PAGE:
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Grid codes, interconnection, and safety

Safely, reliably, and cost-effectively connecting energy storage to the grid requires that utilities and customers follow interconnection rules that dictate both procedural elements and technical requirements. Collectively, these requirements define the technical requirements for storage systems to connect to the grid, the process for interconnection, and the parameters that storage system components must meet.

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These requirements differ depending on where the system is connecting (e.g. transmission system, distribution system), the system size, how the system will operate, and other factors. For the transmission system, because the number of interconnections is fairly low and the size of each system is fairly large, the interconnection of storage systems is typically handled on a ‘case-by-case’ basis with much more scrutiny than can be afforded to smaller, more numerous distributed interconnections. That said, regulators can require specific elements for all transmission-interconnection agreements. For the distribution system, however, there may simply be too many individual interconnections to review individually in detail. Furthermore, smaller systems do not tend to have the same level of technical impacts as larger, transmission-level systems. Many utilities have already created frameworks to process interconnection requests for DPV interconnections, and these same or similar technical criteria and processes  can be used to evaluate grid-tied energy storage systems (stand alone or connected to DPV), with some possible modifications depending on a system’s configuration, intended use case, and total export capacity.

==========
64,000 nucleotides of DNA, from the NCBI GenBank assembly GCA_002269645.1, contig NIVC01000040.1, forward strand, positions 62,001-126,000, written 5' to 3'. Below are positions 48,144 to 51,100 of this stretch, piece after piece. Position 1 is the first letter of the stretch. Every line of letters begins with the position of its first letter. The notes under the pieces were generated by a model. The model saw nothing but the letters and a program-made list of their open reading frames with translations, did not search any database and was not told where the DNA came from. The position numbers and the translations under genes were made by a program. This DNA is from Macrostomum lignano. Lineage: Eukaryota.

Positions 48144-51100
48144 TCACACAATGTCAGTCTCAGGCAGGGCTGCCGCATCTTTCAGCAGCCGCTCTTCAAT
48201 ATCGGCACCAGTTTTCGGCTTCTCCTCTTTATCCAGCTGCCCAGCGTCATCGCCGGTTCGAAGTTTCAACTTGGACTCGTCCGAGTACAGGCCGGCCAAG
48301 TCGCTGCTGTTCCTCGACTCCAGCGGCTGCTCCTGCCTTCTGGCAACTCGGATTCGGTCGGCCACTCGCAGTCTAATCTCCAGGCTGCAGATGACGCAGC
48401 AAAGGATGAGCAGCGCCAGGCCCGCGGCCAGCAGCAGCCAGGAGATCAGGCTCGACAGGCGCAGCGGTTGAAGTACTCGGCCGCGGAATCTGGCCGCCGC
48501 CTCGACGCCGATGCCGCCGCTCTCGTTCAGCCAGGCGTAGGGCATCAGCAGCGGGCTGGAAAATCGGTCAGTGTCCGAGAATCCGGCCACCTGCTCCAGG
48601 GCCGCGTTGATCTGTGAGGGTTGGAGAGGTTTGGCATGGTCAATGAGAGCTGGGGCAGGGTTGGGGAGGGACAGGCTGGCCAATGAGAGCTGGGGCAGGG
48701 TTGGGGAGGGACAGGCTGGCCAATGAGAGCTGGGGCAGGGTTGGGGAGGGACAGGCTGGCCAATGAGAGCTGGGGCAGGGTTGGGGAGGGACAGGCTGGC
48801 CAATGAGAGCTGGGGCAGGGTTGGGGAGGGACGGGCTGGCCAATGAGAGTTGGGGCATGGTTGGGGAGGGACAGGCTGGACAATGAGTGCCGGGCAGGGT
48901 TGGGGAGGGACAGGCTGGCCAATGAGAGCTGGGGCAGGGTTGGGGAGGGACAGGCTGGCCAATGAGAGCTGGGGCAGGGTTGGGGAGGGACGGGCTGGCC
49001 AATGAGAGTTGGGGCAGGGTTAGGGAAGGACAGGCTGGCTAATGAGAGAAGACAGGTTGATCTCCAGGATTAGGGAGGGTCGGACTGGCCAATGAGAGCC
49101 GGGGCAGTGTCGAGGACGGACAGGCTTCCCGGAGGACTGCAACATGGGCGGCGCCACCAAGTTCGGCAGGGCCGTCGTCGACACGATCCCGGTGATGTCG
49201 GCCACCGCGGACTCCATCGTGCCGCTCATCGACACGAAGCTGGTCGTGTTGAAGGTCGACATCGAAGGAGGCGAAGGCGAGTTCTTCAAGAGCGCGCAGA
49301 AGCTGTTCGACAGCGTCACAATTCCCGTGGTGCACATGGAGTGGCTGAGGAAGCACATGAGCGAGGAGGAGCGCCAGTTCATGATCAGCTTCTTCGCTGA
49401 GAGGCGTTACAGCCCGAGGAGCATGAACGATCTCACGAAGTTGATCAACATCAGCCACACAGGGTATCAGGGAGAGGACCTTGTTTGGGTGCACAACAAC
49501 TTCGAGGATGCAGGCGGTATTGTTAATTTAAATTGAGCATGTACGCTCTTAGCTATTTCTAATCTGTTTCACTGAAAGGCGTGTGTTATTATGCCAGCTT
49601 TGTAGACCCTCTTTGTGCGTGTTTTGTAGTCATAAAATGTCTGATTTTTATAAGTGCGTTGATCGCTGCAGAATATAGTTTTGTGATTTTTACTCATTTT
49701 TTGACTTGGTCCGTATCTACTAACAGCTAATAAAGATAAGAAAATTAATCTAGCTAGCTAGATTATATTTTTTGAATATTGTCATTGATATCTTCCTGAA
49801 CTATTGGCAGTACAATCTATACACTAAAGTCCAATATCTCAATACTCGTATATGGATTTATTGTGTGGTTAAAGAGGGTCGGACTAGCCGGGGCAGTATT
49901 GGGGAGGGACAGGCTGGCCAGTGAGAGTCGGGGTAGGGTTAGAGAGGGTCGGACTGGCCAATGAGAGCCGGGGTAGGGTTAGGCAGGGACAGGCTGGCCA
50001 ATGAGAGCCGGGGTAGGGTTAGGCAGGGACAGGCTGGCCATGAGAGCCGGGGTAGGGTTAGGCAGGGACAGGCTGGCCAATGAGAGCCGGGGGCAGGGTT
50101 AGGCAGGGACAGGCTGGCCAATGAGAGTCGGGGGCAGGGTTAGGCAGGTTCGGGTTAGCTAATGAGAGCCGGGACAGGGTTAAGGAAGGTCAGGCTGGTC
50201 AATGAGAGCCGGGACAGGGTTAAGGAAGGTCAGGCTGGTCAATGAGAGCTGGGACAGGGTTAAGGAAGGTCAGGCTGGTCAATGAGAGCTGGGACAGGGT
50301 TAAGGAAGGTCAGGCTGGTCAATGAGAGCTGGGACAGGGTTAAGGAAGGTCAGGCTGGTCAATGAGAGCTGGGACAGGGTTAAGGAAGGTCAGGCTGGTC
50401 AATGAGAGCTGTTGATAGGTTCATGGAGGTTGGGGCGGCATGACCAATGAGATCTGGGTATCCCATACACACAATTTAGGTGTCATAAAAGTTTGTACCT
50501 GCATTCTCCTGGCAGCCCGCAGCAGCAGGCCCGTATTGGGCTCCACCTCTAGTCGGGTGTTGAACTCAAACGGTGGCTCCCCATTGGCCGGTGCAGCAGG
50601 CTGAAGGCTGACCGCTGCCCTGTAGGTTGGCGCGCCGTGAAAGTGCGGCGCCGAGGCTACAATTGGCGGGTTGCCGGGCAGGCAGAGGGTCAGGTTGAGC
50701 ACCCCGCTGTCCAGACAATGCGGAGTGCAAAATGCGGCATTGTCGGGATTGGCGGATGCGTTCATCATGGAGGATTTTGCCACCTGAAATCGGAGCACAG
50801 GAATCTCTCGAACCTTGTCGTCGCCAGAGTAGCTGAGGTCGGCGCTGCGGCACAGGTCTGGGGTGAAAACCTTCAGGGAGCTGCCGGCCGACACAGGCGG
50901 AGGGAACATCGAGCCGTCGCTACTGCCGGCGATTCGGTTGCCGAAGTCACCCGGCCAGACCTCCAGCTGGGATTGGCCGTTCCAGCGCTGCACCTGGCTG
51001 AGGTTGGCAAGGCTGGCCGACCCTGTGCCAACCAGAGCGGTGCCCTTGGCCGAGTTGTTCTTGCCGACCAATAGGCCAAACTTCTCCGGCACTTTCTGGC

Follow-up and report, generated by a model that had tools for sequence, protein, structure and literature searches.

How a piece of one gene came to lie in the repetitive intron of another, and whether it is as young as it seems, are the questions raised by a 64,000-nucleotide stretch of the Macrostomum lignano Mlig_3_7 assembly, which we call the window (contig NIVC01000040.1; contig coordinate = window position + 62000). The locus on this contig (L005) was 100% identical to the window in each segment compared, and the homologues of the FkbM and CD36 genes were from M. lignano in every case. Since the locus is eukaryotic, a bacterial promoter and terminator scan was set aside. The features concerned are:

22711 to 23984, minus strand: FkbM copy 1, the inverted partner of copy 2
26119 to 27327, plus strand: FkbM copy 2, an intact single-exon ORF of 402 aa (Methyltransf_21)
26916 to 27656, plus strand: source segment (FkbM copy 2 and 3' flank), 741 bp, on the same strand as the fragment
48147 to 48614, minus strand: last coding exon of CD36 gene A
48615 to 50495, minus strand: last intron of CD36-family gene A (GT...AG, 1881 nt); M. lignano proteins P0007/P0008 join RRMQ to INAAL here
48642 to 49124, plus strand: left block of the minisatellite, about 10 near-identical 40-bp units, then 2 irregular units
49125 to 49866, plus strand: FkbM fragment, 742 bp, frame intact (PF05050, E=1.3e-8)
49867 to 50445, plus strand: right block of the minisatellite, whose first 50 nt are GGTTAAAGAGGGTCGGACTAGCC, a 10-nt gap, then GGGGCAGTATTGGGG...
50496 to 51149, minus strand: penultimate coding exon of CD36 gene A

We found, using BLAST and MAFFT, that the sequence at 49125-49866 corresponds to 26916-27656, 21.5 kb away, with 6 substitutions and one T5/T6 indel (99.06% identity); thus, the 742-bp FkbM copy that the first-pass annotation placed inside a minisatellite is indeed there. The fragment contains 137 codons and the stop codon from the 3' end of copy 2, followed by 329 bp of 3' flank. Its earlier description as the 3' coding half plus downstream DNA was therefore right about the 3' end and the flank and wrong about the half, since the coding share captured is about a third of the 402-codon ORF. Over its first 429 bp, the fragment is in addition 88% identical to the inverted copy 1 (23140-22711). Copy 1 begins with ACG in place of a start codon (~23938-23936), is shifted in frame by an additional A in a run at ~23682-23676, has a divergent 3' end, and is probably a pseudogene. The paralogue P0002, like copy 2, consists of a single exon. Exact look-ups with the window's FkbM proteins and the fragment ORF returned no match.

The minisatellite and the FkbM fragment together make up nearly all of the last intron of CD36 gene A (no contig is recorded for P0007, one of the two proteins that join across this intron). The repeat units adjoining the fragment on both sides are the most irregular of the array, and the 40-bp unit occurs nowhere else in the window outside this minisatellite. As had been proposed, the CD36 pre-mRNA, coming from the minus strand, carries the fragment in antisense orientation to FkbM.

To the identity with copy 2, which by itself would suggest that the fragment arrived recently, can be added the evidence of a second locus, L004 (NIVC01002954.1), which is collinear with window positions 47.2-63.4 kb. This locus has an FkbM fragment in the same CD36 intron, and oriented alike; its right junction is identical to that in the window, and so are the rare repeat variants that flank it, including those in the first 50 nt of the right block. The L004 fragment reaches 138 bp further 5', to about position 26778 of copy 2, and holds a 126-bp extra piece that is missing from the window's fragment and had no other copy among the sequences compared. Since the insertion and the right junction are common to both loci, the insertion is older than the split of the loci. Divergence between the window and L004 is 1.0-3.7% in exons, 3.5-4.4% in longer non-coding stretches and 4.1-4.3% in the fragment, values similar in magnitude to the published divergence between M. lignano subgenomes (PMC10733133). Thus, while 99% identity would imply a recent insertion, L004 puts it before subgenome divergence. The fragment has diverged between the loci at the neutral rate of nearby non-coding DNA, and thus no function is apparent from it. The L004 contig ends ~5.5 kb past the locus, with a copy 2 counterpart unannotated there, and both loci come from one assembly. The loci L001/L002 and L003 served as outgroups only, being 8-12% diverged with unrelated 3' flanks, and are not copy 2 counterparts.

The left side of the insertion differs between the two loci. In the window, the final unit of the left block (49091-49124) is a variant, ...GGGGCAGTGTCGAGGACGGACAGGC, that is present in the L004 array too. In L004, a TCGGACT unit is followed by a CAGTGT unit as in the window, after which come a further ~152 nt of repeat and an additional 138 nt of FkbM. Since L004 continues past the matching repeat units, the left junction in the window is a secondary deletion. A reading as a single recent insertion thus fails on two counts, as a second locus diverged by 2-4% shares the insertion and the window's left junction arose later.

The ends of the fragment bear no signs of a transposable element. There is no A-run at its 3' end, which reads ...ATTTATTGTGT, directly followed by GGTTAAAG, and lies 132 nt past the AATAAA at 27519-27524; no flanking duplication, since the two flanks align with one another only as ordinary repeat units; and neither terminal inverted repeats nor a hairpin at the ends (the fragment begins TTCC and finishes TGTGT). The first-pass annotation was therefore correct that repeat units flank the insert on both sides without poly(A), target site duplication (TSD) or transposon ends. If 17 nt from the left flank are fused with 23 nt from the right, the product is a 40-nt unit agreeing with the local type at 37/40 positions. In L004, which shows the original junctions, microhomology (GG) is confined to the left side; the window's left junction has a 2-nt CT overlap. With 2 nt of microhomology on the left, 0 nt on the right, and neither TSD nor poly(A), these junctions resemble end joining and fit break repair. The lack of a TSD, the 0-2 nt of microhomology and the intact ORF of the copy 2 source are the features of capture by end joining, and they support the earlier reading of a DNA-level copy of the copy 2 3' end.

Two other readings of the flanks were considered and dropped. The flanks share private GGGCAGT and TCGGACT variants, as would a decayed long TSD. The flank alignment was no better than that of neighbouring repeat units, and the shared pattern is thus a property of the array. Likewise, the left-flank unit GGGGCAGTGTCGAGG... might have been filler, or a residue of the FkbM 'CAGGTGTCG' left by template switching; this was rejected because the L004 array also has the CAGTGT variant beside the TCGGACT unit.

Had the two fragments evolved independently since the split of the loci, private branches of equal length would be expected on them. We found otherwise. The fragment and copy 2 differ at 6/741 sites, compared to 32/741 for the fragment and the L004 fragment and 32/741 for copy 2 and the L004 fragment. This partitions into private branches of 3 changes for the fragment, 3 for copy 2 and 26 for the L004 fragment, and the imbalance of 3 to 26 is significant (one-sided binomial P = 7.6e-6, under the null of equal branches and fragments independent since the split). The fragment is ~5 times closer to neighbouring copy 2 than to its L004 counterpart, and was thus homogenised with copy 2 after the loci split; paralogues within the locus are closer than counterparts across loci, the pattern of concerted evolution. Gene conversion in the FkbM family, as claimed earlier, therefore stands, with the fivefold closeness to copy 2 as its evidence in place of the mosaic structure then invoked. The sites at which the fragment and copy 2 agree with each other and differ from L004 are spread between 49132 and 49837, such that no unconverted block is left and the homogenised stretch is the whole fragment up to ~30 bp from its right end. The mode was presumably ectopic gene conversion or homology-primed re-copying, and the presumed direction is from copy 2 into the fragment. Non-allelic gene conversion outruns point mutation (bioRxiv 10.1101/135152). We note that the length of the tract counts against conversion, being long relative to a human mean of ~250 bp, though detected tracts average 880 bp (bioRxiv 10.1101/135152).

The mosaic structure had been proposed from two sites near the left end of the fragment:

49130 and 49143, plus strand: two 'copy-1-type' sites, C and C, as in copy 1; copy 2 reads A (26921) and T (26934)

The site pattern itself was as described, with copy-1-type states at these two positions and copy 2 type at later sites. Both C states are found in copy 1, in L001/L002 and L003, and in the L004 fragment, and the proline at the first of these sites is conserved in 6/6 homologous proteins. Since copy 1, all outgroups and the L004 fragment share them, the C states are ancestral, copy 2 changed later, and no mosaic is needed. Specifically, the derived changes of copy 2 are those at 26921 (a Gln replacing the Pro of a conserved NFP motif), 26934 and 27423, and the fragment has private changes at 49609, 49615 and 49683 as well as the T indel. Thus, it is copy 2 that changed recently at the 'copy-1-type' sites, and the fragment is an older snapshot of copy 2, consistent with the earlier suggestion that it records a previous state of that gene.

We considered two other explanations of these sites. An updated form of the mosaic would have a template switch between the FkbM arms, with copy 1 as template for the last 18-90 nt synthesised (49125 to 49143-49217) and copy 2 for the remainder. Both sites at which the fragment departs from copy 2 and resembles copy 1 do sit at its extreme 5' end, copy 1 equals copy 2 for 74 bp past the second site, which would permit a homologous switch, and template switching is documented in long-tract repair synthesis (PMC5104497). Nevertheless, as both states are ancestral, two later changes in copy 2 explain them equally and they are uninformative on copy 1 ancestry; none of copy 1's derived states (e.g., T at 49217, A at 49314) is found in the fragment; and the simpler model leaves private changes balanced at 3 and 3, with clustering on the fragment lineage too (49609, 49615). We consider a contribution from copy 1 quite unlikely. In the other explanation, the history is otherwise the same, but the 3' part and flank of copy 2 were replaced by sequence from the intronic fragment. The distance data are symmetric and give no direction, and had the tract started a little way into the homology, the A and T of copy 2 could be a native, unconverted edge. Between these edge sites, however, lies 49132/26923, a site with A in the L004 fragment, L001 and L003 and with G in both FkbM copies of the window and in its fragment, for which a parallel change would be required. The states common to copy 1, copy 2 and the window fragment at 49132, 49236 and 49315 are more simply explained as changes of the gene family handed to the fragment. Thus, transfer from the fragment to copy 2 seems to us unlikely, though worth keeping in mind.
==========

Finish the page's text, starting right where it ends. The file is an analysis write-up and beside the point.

Typical Distributed Energy Resource (DER) (including storage) Interconnection and Permitting Process

 

Source: The value of storage providing peaking capacity doubles

 

 Reading List

Interconnection Standards, Application Management, and Technical Screening

National Renewable Energy Laboratory, 2020

In order to better manage how DER installations connect to the grid, utility interconnection procedures and technical requirements are being adapted to account for technology changes, emerging grid reliability issues, process-oriented bottlenecks, and evolving standards. This webpage addresses topics such as:

  • Leading practices for improving DER interconnection 
  • Procedural automation options 
  • Addressing unique grid-design issues
  • DER interconnection standards developments
  • Energy storage interconnection issues
  • The page lists key recent publications and webinars relevant to these topics.

An Overview of Behind-the-Meter Solar-Plus-Storage Regulatory Design

National Renewable Energy Laboratory, 2020

This report discusses designing a regulatory framework that aligns DPV-plus-storage deployment with larger policy objectives of the electric grid. The report covers the process of interconnecting DPV-plus-storage to the grid. This requires the development of regulations that govern interconnection, regulations on how DPV-plus-storage equipment is expected to perform, and how interconnection applications are screened and evaluated. Chapter 6 covers each of these regulation types in detail and suggests which agency types may be responsible for each step in the process.